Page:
The blog of David Michael Wright - Freelance Illustrator

Hello, and welcome to my humble blog!

If you too like the drag of Graphite on Paper, can appreciate the flick of a well executed Brushstroke, and like I favour subjects of the Dark and the Monstrous, the Weird and the Wonderful, the Abominable, Diabolical, Fantastic, Dramatic, Adventurous, Ghastly, Nightmarish and Phantasmagorical!

…Or like myself, seek to devour all sources of the Technical, Practical, Methodical and Inspirational!

Then perhaps this blog is for you.

It is (I hope) to become a progressive ongoing account of my endeavours as a Freelance Illustrator specialising in mainly the Fantasy, Sci-Fi, and Horror art genres. As is always the case (except perhaps on Sundays) I will do my very best and veritably strain heart and nerve and sinew to write a faithful accounting of all my latest Discoveries, Resources, Technical Explorations and Inspirations, in addition of course to featuring regular posts of my current Creative Exploits and Works in Progress.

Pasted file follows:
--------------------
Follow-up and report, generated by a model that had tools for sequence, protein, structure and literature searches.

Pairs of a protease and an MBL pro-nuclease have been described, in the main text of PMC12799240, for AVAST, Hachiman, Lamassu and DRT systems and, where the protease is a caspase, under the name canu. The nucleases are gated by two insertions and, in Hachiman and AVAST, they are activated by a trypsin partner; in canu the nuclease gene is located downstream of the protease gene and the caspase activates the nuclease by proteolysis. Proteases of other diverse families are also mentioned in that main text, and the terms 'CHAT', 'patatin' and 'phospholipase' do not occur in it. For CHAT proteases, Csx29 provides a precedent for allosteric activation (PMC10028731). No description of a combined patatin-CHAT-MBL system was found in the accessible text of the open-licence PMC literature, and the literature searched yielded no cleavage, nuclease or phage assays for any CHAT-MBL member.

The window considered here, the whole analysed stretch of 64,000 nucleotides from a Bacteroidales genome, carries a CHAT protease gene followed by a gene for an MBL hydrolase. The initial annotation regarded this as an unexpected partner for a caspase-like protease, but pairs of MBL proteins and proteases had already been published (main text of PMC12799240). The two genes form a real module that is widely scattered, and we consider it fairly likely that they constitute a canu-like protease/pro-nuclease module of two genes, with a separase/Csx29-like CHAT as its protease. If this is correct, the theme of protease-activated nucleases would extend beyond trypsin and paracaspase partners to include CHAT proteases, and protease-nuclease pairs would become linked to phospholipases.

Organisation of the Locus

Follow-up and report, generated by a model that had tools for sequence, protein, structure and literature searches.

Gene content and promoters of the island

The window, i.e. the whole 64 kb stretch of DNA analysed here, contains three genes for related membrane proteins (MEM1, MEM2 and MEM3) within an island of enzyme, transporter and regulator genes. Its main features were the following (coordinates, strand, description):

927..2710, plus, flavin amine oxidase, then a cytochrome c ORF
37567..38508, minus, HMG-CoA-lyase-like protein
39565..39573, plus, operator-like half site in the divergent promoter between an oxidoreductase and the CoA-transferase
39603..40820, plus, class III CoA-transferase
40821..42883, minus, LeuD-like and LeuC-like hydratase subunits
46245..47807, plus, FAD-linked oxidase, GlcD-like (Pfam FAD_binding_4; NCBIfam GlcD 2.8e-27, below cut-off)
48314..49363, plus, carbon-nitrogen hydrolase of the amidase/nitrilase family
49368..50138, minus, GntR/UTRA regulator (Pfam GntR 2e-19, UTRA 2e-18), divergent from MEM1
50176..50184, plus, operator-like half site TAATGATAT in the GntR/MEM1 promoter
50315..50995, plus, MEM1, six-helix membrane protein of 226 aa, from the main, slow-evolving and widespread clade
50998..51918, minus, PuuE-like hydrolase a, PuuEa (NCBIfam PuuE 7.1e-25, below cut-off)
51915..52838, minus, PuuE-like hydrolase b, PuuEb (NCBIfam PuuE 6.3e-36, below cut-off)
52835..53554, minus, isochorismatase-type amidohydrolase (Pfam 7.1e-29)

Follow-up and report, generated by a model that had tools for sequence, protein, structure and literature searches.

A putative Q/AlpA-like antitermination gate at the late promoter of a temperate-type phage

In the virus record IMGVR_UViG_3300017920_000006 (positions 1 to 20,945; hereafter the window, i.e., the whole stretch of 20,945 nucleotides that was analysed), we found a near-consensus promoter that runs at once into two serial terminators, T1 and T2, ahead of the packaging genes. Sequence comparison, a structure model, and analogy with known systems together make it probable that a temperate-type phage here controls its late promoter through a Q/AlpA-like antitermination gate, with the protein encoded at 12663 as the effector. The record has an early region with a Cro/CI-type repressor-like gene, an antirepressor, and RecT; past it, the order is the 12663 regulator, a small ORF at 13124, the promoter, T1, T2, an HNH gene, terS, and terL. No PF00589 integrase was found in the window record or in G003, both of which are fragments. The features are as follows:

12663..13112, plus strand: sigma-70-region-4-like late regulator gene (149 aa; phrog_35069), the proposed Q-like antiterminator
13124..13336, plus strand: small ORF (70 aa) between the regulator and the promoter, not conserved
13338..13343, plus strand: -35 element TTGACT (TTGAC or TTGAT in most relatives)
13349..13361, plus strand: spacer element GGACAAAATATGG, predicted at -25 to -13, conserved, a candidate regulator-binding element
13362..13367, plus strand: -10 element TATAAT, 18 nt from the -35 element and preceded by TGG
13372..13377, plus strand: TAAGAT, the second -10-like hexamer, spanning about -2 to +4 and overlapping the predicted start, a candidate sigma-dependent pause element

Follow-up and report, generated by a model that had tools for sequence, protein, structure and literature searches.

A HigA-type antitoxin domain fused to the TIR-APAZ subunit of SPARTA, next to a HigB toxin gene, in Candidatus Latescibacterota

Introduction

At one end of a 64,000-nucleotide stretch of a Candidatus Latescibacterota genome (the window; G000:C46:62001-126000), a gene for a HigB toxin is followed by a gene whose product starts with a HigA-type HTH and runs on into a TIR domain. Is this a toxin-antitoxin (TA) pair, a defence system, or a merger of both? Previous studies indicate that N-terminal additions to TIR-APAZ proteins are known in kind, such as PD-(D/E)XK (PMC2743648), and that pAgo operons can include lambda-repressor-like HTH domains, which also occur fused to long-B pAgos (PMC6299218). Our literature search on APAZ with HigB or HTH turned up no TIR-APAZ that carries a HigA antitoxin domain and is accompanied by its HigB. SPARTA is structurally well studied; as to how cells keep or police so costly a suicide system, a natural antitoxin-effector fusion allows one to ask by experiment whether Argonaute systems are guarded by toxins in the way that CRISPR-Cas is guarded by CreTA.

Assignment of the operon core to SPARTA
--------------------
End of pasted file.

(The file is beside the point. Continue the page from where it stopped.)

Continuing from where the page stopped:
Wednesday, 15 August 2012

The Experiment...

I mentioned in my last post that I was going to try out a slightly new way of working as a bit of an experiment, essentially the crux of the idea was to try to paint directly over a fully toned pencil drawing eliminating the need to do a tonal underpainting (to save time). Things didn't work out 'quite' as had thought they might, though I feel I have definitely learned some things in the process of testing this out. What follows is a quick run through of the process and my thinking on each stage of this piece...

First up is the drawing on the illustration board ready to go...